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    2 Replies Latest reply on Feb 25, 2015 1:49 PM by seoservicepro

    Defining Net neutrality Without The Political Mumbo Jumbo

    seoservicepro Ranger

      There are way too many special interest groups and politicians telling you what net neutrality is and what it will do, etc. etc. There is more than one definition and you should make up your own mind from the real information without an agenda behind it. Click the image to enlarge it.

       

      net-neutrality-defined.jpeg

        • Re: Defining Net neutrality Without The Political Mumbo Jumbo
          Henry Scout

          Those were different perspective on net neutrality. However, if you look at the picture it is impossible to set aside politics in net neutrality since most of the time the influence from prominent people whether politician or in business sector is unavoidable.

            • Re: Defining Net neutrality Without The Political Mumbo Jumbo
              Moderator Jim Ranger

              Probably one of the most divisive subjects in front of Congress right now. Luckily, we're never divisive here.

               

              Jim

              • Re: Defining Net neutrality Without The Political Mumbo Jumbo
                seoservicepro Ranger

                Thanks for reading and commenting Henry and Jim. It is an important issue. My attempt here is to give the different points of view. Most discussions are about whether the FCC should adopt the current bill, which is not really the definition of net neutrality.

                 

                The rules that would be included, at least those made public, aren't so bad in my opinion. They would fall under the 2nd definition in the infographic. All information providers being treated equally, but not every bit of data being treated the same since some are time-sensitive like voice.

                 

                On the ISOC mailing list, one of the members made a good analogy.

                 

                You and others are shopping at a grocery store. There are a lot of customers with large carts waiting in line to check out. If someone has a only a few items, people might be willing to let them cut in line since it won't affect their wait time very much.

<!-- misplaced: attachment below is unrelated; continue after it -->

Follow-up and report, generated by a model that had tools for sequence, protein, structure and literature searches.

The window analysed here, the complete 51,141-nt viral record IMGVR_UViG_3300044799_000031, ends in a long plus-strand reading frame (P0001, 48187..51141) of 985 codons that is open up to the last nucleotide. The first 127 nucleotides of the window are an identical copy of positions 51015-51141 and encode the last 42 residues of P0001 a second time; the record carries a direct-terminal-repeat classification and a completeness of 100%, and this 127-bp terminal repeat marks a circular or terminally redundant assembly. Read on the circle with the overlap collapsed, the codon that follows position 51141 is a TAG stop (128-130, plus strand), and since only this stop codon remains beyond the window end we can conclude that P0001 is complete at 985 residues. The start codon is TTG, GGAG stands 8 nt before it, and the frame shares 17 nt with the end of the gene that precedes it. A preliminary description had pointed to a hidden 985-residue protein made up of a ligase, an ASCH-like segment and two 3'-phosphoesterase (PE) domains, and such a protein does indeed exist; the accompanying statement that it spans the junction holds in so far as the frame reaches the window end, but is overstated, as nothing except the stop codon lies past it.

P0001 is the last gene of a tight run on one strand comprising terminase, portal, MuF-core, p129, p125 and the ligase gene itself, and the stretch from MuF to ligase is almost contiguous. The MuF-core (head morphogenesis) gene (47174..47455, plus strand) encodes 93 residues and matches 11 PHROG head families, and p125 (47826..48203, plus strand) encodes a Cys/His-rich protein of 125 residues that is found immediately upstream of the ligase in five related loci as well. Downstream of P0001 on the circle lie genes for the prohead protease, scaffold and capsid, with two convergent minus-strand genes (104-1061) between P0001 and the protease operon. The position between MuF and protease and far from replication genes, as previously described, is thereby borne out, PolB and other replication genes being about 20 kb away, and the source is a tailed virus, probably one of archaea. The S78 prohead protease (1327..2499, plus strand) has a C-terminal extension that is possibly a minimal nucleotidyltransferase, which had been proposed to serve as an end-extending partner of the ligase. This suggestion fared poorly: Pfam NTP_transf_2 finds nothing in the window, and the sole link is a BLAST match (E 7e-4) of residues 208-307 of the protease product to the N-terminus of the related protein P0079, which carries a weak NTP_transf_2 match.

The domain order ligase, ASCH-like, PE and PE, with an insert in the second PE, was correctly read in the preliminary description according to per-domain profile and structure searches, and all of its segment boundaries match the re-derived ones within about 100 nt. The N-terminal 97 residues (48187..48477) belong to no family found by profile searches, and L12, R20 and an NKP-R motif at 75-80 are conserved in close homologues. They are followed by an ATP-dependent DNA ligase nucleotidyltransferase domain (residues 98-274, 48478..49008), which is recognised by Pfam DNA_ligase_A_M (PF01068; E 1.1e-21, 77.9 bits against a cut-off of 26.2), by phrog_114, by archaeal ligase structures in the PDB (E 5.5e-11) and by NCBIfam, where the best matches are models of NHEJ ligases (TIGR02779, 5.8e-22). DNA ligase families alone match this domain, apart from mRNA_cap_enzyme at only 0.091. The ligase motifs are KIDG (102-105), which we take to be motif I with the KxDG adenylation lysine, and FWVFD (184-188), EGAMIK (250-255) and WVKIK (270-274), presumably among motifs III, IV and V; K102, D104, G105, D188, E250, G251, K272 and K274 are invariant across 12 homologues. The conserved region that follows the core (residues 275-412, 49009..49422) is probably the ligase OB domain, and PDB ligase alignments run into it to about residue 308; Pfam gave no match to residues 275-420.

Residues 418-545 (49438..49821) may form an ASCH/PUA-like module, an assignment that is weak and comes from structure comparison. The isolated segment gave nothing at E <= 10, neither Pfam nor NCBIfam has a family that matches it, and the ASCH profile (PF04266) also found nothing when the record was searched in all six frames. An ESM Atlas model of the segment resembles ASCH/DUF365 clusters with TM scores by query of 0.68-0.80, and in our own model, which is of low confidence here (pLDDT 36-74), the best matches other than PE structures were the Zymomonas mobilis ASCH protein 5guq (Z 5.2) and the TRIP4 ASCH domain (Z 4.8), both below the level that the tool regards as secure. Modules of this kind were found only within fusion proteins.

An Express lane is just an alternative to such courtesy which people are willing to accept.

                If this happens too often, people will complain: in 91.3% of the cases people will object if just two people cut in line (http://en.wikipedia.org/wiki/Cutting_in_line).


                 

                But the case of audio or video packets is just the opposite.


                You have many people with few items waiting on a line, and someone else comes in with a large cart, i.e. someone with a special speed requirement like plenty of real-time packets.


                If the supermarket opened a special lane where items are checked out much faster, while on the other lane they keep being checked out slowly, people will be upset and even more so if the Express lane slows down the other lines.

                 

                That is exactly where Net Neutrality comes in: you want fair treatment for all.


                You don't want someone to get a special treatment especially if that negatively affects you.


                If the supermarket can check out items fast by adding a cashier, that should benefit everyone, not only for some special few.


                I like the example, but some experts say that right now, "faster" isn't possible. Only "slower". So rather than companies being able to pay for a fast lane, non-payers would be moved into the slow lane. The new FCC rules would ban providers from "throttling" anyone in order to sell different levels of Internet to just those willing to pay.


                So, as I understand it, the providers want to sell the Internet we already have to those willing to pay for it and move everyone else to the back of the line.